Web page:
The tears come and go (now more coming than going :). In a little more than 12 hours we will be packed and on the road (if things go as planned but we know how that goes ;). Our lives in Little Rock will be a memory. We will certainly be back here to see at least two of our kids and our daughter in-law as long as they remain here as well as some of the great friends we have made. But, it will no longer be our “home.” And, though there have been and will certainly be more emotive tears and words, in the end, we will survive. We are following and plowing through the door that God has opened as we have sought and asked Him about this every step of the way. And, whereas I’m very skeptical of audible whispers and voices I do believe in a Sovereign God who orchestrates our lives in ways we will never understand. I believe He does things that we can’t figure out and works in ways we will never see. But, for those who are His children, adopted into the kingdom through the blood of Jesus Christ, He does things through His Spirit we can only attribute to Him. Surrounding all of the unknown is the gift of choice that He has given us. And, we have chosen to start, proceed and continue in prayer. With that as our guide, we have examined the situation and asked God for His Will to be done in our lives. That supersedes where we work or live. And, for this next season, however long that is, it will be done in Atlanta (Duluth, GA) and Blueprint (where I will work).
We have no idea what we will do outside of my working at Blueprint and living in a Duluth, GA apartment. Though I believe those have been orchestrated by God, they were choices we made. And, most of the time, that’s how it works with God, at least in my experience over 38 years of walking with Him (imperfectly). It’s the rest of the unknowns that intrigue me. Where will we go to church regularly? Who will our neighbors be? Who will God bring into our lives? What will happen to us once we get there? Where will Sue work? What ministry will God open doors to? Those are parts of the story yet to be written. Today we see a little. Enough to continue to declare that God is good, always. He has not left us nor forsaken us. Despite my sin, my mouth, my impatience, my impudence, my stubbornness or laziness or a multitude of other fleshly responses to my God, He still gives me grace and His unconditional love. So, we will walk by faith and not by sight. We will stroll the dimly lit path that is right in front of us and as God is our lamp we will keep stepping into the light one step, one moment, one day at a time. We will miss the many that God has brought into our lives that at one time looked just like today but just 11 years earlier in time and life. Then, we didn’t know the who’s, what’s or how’s. But, we walked daily and now look back on what was obviously a path marked out for us despite our inability to walk in it perfectly. The journey continues In a new city with new surroundings but with the same God. That’s our assurance. It’s not in the city or the job. Those may change like they will tomorrow. But, He will never change and because of that we can rest and be at peace.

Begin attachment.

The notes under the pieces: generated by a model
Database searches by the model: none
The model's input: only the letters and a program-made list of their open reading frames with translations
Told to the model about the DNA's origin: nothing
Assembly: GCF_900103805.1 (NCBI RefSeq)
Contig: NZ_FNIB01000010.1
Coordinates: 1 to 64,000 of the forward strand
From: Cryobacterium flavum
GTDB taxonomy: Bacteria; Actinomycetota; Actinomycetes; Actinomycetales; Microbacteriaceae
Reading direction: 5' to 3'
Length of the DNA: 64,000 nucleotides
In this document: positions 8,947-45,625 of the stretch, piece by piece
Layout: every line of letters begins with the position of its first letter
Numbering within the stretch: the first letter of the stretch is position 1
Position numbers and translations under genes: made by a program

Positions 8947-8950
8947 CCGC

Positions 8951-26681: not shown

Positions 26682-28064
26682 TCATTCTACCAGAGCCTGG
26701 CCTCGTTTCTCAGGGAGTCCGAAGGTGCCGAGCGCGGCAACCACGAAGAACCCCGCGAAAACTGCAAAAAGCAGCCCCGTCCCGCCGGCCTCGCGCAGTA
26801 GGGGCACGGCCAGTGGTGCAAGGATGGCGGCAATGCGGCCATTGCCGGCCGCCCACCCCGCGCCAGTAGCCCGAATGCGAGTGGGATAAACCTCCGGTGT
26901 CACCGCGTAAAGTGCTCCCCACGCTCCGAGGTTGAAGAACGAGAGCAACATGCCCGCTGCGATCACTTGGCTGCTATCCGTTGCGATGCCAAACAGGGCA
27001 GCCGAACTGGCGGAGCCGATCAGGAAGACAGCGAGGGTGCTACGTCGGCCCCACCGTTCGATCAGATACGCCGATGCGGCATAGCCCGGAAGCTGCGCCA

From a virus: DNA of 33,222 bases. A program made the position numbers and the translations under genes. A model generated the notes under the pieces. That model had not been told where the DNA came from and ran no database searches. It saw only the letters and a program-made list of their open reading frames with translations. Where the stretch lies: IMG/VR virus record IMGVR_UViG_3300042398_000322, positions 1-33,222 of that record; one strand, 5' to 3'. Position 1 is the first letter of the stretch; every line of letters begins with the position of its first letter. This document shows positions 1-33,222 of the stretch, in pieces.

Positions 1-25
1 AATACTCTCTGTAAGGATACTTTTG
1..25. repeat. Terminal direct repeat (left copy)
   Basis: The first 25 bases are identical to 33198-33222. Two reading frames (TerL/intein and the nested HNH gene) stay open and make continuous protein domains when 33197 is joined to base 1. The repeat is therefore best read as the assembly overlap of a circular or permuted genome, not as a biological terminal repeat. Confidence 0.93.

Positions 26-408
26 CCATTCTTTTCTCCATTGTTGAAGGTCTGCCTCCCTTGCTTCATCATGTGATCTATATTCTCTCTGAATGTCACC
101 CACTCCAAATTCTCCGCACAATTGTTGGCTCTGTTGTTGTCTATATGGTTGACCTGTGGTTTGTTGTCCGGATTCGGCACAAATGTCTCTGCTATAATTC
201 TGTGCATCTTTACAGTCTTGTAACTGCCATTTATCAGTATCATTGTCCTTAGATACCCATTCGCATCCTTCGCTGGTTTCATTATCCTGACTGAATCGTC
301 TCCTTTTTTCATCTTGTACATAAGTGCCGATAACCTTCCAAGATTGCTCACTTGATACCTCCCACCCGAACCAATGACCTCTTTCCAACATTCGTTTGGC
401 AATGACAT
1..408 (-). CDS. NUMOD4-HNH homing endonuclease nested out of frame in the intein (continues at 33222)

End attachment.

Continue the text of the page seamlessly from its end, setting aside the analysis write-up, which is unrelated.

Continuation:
We leave grateful for the path God carved for us. For the many He brought into our lives to help mold and shape us into being more like Him (we pray) than we were when we arrived in Little Rock. We are thankful for the hard things that we went through that helped refine us and give us character. We are grateful for the joy He has brought us through our children and close friends. Our journey could never have been predicted or forecasted to look like it played out in reality. That’s a good thing because we would have never come up with what God did for us, to us and through us. We now stand on the precipice of another “stage of the journey.” We will embrace it and enjoy the time Sue and I get to explore new territories and adventures. But, we will never forget what God did for us in Little Rock. Good bye, Little Rock. You’ve been a Big Rock of remembrance in our lives. Thank you.